Persons: Steven Kurutz, Chris Cassidy, Hermès, Chanel — Chanel, , Betty Smith’s Organizations: Sixth Locations: Williamsburg , Brooklyn, Williamsburg, Kent, Brooklyn ”, Europe, Puerto Rican, Dominican
The Debate Over January
  + stars: | 2024-01-20 | by ( Melissa Kirsch | More About Melissa Kirsch | )   time to read: +2 min
Winter friends — those who, contrary to all hedonic and circadian sense, love dark days and black ice — have been forwarding the story to me, triumphant, as if once and for all it’s been settled, the pointless, perennial battle of the seasons. Everyone just wants to feel better, I get it, but resisting their campaign is a twisted part of coping with the season. I spent the week exchanging snapshots with friends in Mississippi, their mutt cavorting in the snow-covered yard (look how cozy! Another friend asked if I didn’t find the cold and snowfall moody and melancholy, in a good way. It’s a case that the poets have been making for eons: “Barren winter, with his wrathful nipping cold,” Shakespeare wrote.
Persons: Steven Kurutz’s, mutt cavorting, , Stu, Roz Chast’s, Shakespeare, what’s Locations: Mississippi, New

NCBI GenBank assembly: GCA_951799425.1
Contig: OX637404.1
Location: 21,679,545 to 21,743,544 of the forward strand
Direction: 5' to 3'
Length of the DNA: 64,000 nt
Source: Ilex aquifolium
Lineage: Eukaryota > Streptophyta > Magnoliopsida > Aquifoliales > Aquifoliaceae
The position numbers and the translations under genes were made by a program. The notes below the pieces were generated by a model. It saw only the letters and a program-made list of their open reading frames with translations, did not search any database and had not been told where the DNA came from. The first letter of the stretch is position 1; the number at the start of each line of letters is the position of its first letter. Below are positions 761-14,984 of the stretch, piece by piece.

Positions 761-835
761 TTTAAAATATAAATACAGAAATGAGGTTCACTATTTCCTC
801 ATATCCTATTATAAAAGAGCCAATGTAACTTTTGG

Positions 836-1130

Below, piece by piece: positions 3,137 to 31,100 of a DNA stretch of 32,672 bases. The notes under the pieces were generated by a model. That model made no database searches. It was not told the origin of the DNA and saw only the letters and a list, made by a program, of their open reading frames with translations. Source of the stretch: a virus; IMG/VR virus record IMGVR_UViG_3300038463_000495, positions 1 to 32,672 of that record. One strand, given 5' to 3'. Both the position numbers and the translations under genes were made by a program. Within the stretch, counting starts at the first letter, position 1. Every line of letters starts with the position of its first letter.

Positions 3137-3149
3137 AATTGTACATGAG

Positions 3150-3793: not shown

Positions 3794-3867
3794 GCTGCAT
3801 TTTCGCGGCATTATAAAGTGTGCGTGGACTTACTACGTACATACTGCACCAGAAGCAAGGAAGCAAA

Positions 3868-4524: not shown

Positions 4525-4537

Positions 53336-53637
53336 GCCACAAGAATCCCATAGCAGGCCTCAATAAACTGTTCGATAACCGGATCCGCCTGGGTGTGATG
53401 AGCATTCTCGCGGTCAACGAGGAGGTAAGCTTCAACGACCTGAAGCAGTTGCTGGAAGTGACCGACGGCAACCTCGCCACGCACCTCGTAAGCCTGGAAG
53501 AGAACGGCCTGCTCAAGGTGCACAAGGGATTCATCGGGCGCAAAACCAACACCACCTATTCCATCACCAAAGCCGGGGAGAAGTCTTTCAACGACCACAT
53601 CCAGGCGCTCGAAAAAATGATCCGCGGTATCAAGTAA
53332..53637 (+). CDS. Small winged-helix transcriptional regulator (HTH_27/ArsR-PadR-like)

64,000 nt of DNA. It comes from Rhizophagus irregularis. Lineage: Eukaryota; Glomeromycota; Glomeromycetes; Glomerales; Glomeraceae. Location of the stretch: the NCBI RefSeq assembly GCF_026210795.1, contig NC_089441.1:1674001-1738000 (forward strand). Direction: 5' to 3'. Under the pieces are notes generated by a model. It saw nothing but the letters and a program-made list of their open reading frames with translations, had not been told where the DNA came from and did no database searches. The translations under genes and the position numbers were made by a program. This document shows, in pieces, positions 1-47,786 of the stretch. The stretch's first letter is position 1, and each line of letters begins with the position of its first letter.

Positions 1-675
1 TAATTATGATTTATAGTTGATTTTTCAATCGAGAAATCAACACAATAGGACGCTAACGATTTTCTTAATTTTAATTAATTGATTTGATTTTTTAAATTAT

Twenty years ago, Bertrand Brillois, a Parisian businessman, began contacting seamstresses, costume designers, fabric dyers, production assistants and others who had worked for Prince. He told them that he thought Prince was not only a musical genius but also a fashion icon, and he wanted to buy clothing, jewelry and other accessories designed or worn by him. The many items acquired by Mr. Brillois over the years included an ankle-length white cashmere coat that Prince had custom-made by a tailor in Nice, France, when he was filming the 1986 movie “Under the Cherry Moon.” The coat, along with more than 200 other items, is on sale as part of the Fashion of Prince, an online auction that is accepting bids through Nov. 16. The sale, held by RR Auction, also features one of Prince’s signature wardrobe items: a white, high-necked, silk shirt with elaborate ruffles, puffy sleeves and faux pearl buttons. Prince wore it, according to the auction company, when he performed a blistering rendition of “Purple Rain” during the American Music Awards ceremony at the Shrine Auditorium in Los Angeles on Jan. 28, 1985.